That night, we wrote a song, and we thought "That's pretty good. Let's sing it tomorrow." So in front of all these elders, we sang the song, and it was: Wow. Wow for us, wow, for them. Here we were: Asian Americans singing about us, how we felt. I had performed on a stage before many times. I had performed on Broadway, in night clubs, but I had never performed in front of my own people. And that moment was the moment that I realized the power of music.
Charlie: The music was supposed to be a vehicle. It was the boat to get across the river. What was the river? Getting people's interest, getting their attention, having them together in one place. Many times, we would have the concerts, so we could speak to people after the concert. We could say - let's discuss some of the things that we sang about. We would spend 3-4 hours talking to students -- what do you think?
Charlie: One thing that's often overlooked is -- The use of the title Asian American had distinctly political overtone when it was first used. It implied that you believed in certain values and certain politics. And to use that title and to accept that title impled the politics. Today it means you're a person of Asian descent who was born and raised in America. But it had immense resonance at the time because it meant stepping forward and stepping up, and saying: It's not just being Asian American. It's being on the side of what's right in a situation that was wrong.
Nobuko: I think this is a time where we have to go beyond ethnic divisions. We have to know who we are and to use our cultural roots and feel grounded in that. But at the same time, the home planet is in peril, and for us to keep looking at ourselves and say "We're Asian, and we're fine, and we're moving up in the world" is a crazy idea... [We have to] understand how we're connected with other people, how we can use our talent and skills to really invent right now.
We need our young people, our creative thinkers who experiment with their life. The important thing about 60-70s, people really let go of their preconceived ideas of what life is supposed to be -- really kicked off their shoes and said, "Let's find a way because this way isnt' working." And I don't see that young people right now quite have the space to do this. But it's going to have to happen...
Charlie: You have to begin at home, and check out what priorities are. Now, I have nothing against whales, but I think someone should watch out for them. But I've got other priorities. So it's up to each individual to decide. As you go out to wider and wider circles, what is your priority? Is it to get yourself tattooed and pierced and branded? Or is it to investigate, who really are you? What are your cultural roots? My argument would be that you have to first start inside, find out who you are... and then priorities will be made clear to you, as you sort things out. And that's where your time and energy should be devoted.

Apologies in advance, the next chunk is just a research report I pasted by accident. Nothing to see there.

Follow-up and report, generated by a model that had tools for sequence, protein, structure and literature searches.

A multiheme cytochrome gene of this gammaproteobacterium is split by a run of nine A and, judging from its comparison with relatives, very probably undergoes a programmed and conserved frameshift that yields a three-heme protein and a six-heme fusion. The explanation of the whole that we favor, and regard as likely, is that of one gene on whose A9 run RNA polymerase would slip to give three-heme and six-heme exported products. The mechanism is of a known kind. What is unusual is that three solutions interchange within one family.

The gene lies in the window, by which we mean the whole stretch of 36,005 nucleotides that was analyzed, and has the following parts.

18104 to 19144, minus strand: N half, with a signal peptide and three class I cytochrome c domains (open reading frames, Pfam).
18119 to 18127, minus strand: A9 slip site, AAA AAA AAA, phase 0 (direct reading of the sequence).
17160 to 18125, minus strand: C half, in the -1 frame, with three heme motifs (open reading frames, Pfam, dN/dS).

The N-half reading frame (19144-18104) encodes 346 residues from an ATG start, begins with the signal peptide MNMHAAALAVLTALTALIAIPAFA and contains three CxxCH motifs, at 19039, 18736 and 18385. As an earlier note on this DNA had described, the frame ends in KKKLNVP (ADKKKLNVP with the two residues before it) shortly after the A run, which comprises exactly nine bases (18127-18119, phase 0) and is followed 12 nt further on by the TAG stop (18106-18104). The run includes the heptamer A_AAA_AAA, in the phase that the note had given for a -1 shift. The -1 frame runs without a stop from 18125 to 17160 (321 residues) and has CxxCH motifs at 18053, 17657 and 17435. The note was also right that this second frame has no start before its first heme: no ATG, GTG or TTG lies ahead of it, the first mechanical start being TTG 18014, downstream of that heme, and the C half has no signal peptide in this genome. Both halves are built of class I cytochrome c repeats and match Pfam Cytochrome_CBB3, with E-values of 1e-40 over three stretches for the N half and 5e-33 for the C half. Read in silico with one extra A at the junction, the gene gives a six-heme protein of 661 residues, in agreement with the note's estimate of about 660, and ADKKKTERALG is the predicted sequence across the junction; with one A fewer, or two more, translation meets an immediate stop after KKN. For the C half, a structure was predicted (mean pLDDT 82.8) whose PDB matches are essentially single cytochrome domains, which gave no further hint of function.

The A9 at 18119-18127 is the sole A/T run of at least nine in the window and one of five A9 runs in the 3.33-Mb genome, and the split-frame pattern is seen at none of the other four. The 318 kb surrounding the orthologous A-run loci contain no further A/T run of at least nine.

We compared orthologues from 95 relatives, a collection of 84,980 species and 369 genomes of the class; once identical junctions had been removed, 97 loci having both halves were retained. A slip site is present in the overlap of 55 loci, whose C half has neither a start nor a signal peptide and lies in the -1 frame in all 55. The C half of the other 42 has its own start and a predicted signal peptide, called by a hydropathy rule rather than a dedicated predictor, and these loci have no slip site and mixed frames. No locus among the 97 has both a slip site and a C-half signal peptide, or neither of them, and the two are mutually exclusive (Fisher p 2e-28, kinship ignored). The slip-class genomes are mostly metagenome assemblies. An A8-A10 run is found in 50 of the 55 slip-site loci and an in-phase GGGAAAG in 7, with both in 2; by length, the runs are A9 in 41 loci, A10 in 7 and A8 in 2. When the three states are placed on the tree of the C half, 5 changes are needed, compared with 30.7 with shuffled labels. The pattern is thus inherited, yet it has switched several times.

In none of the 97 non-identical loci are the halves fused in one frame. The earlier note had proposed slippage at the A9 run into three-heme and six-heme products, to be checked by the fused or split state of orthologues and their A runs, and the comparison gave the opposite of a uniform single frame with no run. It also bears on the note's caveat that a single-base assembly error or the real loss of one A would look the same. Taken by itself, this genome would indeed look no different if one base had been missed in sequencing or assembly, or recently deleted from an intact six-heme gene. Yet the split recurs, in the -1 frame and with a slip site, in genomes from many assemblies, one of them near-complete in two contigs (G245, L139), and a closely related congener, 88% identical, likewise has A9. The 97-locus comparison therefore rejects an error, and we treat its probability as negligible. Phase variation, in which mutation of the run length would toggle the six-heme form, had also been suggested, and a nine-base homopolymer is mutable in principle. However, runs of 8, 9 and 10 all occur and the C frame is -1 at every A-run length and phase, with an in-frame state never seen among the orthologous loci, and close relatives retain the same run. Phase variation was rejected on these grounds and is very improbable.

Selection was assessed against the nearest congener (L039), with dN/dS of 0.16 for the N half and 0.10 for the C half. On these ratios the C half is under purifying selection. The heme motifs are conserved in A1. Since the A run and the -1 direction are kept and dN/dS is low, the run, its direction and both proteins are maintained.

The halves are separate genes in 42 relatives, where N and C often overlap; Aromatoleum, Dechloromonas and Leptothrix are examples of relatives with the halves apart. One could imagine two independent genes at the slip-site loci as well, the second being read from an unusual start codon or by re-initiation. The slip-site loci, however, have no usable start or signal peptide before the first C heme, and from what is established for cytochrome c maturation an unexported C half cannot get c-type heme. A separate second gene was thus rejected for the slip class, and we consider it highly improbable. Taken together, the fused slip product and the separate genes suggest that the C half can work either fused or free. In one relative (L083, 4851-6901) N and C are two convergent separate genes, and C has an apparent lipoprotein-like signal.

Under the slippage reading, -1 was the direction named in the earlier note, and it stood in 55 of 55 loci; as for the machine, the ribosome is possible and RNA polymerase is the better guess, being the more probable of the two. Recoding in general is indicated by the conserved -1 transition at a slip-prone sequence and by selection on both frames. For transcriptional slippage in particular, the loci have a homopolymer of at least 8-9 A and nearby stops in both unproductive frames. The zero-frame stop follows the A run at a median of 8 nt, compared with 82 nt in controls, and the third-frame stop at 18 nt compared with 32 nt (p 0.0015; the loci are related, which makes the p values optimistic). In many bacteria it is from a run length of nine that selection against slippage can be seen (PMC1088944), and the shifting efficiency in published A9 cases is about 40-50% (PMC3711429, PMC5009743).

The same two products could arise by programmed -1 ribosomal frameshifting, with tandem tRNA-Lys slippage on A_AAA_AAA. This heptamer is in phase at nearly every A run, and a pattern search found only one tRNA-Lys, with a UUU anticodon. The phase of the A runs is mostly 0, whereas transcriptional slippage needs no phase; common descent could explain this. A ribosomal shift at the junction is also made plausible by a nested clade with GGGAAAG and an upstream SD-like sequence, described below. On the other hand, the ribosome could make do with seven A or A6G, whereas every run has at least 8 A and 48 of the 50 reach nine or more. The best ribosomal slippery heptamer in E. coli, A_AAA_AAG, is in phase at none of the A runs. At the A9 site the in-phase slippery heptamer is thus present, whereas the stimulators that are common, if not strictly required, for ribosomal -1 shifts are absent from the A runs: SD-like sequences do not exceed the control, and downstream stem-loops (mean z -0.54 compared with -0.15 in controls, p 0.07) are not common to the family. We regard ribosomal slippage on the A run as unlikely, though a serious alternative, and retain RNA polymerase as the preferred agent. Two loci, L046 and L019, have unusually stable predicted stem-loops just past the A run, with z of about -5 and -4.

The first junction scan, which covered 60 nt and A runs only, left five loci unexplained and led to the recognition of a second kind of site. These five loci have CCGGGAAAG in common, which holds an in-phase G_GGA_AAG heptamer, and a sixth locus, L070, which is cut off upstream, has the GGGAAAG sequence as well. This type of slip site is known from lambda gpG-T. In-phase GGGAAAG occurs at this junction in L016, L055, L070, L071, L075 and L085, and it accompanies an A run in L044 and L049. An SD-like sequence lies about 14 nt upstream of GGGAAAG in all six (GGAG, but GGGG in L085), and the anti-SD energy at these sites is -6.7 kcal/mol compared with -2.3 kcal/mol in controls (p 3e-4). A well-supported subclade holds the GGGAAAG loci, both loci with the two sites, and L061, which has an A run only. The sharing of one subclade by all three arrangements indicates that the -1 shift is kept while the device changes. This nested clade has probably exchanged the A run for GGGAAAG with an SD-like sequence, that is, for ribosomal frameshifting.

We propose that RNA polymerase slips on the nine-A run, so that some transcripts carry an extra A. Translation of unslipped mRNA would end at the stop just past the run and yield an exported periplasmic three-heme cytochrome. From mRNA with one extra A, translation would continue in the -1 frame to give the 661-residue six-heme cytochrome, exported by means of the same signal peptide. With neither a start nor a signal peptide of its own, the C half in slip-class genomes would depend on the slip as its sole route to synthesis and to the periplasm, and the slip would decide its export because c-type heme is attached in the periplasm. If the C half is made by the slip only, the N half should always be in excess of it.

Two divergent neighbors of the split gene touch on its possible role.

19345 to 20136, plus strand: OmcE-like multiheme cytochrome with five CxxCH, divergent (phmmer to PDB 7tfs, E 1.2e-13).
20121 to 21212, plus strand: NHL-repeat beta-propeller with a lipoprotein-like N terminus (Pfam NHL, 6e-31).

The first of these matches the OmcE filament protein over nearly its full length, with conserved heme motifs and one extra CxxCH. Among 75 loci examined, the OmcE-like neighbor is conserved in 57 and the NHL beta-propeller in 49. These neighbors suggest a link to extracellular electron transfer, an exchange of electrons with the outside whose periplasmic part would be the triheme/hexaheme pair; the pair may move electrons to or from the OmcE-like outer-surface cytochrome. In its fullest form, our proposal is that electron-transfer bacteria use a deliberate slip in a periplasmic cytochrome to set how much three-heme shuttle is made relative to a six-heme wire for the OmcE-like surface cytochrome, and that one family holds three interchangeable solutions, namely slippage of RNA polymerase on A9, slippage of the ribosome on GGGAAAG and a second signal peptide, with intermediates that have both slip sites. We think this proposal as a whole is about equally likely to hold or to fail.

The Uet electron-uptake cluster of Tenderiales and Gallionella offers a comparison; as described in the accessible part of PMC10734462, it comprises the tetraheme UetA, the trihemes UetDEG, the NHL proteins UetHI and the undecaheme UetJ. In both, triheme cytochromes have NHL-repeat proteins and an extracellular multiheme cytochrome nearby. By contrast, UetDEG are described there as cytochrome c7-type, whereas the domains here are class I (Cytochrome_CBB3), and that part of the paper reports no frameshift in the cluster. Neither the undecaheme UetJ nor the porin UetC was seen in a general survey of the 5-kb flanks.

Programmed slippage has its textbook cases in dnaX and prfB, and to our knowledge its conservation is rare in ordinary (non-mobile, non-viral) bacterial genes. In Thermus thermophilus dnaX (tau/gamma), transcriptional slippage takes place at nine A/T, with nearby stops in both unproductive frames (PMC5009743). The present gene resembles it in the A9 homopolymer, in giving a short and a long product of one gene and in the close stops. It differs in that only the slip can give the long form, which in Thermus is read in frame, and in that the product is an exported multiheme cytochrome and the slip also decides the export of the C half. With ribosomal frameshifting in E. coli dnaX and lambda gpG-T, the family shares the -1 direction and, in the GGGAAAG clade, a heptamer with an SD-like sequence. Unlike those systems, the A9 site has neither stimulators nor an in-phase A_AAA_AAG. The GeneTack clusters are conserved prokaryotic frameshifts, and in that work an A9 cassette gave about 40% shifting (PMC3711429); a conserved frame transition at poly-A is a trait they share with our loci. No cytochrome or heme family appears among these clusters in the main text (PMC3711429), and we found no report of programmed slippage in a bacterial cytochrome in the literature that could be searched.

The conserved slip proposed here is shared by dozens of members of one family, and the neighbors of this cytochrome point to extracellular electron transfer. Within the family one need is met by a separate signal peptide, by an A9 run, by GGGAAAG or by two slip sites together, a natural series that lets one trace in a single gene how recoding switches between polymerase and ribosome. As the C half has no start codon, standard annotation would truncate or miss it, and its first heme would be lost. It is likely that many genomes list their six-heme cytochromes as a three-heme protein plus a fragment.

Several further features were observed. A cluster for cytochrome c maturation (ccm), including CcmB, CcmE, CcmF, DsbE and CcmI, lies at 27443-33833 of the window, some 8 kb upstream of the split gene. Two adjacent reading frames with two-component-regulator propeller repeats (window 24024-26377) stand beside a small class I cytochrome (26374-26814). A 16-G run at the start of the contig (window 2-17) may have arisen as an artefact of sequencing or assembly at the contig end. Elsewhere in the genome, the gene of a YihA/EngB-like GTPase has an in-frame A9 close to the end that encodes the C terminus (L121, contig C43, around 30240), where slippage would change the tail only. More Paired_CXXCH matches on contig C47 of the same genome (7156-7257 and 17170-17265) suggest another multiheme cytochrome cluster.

Kamau Ayubbi (Nobuko's son): I just think it's really interesting to listen to my elders. I feel in awe to listen to the history of my mother's journey, and looking at myself as deeply rooted in what they're talking about. Because for me, being half Japanese American and half African American and even having some European roots, but growing up not fully embraced by the Asian community nor fully embraced by the African American community... the question become "Where do I belong?" "Who am I?" I'm privileged to hear the history, to be able to listen to A Grain of Sand and deeply identify with what they're saying -- whether it be a part of my Asian history or "Warriors of the Rainbow." I identify with that. And now, as I embrace Islam, it's part of a world community.
Charlie: A song, like a book or a painting, last because it still has relevance. It still means something. People a year, five years, a hundred years later, still get something from it. It's still important. Something was touched that's universal. Good art is something specific that reveals the universal.
Nobuko: It's interesting because in these mixtapes that the young artist have been doing, actually taking music from the 60s, they used our music. It brings it into the present moment, where a lot of young people wouldn't get exposed to. Music like that really came out of the black movement and this black consciousness. If you grew up in the 60s or 70s, and you heard a Stevie Wonder song, you know where that song had meaning for your life. You could sit in a Stevie Wonder concert and go through your whole life... We realized that Asian Americans didn't have that. That touches me that... "We Are the Children" wasn't our favorite song at all. But that it has moved on to have a meaning for young people, it sort of gets me.
Date Posted: 3/20/2009